Remarks of Thomas Hart, Jr, President of Rail Forward and Member of the Board of Directors of the United States High Speed Rail Association, at the Federal Bar Association Luncheon at the Department of Transportation

WASHINGTON, DC – August 28, 2013

On the 50th Anniversary of the March on Washington Rail Forward Salutes

Asa Philip Randolph

Gentle Warrior: Asa Philip Randolph (1889 - 1979)
The Architect of the 1963 March on Washington

  • He was called "the most dangerous Black in America" by segregationists.
  • In the 1940s he advanced the fight to ban discrimination in the armed forces by calling for a March on Washington in 1941.
  • He led 250,000 people in the historic 1963 March on Washington.
  • He spoke for all the dispossessed: Blacks, poor Whites, Puerto Ricans, Indians and Mexican Americans.
  • He advocated for equal wages and benefits for Black workers, particularly in the rail industry.
  • He organized the 1957-prayer pilgrimage for the civil rights bill.
  • He was President of the Institute, bearing his name, and President Emeritus of the Brotherhood of Sleeping Car Porters, the union he built.

As a social liberal associated with leftwing causes, in 1920 he began to concern himself with the issue of Blacks in the labor movement, Mr. Randolph had already begun his organization of the Brotherhood of Sleeping Car Porters.

In 1936, A. Philip Randolph was drafted as president of a new organization called the National Negro Congress. The NNC was made up of a number of groups, which planned to build a Black mass movement, by working with and through trade unions. Throughout the hard years of struggle to obtain dignity and decent treatment for porters, Mr. Randolph never forgot that there were other workers that also needed help. As one observer wrote ''he became a familiar and lonely figure on the floor of AFL-ClO conventions" in his role as champion of Blacks, women and disabled citizens.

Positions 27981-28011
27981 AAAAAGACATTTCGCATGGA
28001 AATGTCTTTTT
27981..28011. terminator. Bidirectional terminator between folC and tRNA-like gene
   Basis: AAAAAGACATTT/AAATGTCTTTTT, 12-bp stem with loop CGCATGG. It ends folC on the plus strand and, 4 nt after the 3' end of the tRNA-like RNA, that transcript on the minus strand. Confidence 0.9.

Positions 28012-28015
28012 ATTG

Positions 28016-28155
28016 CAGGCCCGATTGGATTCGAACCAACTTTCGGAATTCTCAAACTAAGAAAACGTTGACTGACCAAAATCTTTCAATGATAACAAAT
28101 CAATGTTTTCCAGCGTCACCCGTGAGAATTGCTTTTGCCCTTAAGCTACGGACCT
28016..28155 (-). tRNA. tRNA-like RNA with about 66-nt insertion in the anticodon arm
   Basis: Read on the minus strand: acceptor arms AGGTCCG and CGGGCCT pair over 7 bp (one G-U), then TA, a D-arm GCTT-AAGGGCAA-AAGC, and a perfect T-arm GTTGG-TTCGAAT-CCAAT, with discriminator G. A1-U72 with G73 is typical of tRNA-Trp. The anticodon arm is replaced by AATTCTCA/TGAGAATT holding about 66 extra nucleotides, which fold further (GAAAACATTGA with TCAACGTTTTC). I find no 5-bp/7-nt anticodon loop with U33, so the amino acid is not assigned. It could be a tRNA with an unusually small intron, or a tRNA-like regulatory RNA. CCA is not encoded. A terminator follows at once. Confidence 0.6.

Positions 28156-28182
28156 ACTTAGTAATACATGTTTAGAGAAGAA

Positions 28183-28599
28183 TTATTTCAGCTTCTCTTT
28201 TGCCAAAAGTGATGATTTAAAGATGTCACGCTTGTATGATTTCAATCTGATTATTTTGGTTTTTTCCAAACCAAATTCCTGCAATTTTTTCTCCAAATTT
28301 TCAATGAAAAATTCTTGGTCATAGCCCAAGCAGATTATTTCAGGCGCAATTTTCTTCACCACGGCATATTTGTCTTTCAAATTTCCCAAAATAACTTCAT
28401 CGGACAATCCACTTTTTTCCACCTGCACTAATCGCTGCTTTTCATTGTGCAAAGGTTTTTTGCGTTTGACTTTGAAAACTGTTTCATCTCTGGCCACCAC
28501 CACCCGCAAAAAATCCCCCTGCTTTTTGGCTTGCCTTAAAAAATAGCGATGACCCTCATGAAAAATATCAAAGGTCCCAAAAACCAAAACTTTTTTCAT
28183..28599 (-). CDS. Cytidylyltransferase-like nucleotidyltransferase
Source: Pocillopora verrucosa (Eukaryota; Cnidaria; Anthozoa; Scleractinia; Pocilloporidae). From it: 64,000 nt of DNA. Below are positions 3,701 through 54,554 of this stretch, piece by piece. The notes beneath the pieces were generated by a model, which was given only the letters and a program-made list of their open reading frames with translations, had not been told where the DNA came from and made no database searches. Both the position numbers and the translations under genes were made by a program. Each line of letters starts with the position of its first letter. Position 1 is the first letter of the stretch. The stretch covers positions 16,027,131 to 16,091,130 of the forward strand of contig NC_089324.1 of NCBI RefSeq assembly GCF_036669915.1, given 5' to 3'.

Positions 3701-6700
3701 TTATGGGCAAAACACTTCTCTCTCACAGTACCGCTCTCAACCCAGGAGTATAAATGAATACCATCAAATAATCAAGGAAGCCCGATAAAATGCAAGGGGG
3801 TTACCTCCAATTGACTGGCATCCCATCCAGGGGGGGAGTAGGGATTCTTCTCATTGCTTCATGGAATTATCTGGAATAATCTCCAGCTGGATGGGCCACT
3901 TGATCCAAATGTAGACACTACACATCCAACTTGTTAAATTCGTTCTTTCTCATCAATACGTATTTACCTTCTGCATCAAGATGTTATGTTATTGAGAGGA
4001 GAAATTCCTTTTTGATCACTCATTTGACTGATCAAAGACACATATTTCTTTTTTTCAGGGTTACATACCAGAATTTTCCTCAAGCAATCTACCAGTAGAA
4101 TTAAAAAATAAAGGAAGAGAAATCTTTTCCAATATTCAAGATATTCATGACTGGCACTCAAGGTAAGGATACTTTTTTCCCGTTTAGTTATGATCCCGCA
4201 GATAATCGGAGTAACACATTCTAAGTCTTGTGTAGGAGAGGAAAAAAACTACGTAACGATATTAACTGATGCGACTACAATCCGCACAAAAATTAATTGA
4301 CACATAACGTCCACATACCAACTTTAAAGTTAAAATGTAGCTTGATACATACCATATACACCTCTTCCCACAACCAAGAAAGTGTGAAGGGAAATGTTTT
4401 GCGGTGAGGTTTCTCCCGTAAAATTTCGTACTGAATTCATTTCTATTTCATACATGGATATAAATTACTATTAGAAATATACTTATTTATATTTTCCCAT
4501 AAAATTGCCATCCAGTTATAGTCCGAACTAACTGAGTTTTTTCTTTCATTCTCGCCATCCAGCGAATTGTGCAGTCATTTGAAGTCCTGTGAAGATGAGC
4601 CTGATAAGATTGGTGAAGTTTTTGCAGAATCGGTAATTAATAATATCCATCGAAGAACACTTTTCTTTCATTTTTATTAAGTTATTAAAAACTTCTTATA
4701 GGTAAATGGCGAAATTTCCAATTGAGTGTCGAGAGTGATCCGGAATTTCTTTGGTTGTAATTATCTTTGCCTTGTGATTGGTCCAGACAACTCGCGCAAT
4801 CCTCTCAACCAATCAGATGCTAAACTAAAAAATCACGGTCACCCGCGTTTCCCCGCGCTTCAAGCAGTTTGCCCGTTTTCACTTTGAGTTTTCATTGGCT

These observations are shared by Anthony Foxx the new Secretary of Transportation. Speaking yesterday, the day before the 50th anniversary of the historic March on Washington, Transportation Secretary Anthony Foxx said transportation had played a major role in both dividing and uniting communities in America, and he framed efforts to improve the networks as a matter of racial equality.

"The infrastructure that we have today is actually infrastructure that was built over many generations and in many cases was a very visible example of the culture in which it was built," he told a largely Black audience at the A. Philip Randolph Institute's National Education Conference yesterday.Foxx said, "our transportation networks were built in a way that reflected the divisions in which they were created."

Let us remember and be inspired by the life of A. Philip Randolph who said:

"Salvation for a race, nation or class must come from within Freedom is never granted; it is won. Justice is never given; it is exacted. Freedom and justice must be struggled for by the oppressed of all lands and races, and the struggle must be continuous, for freedom is never a final act, but a continuing evolving process to higher and higher levels of human, social, economic, political, and religious relationships." -- A. Philip Randolph


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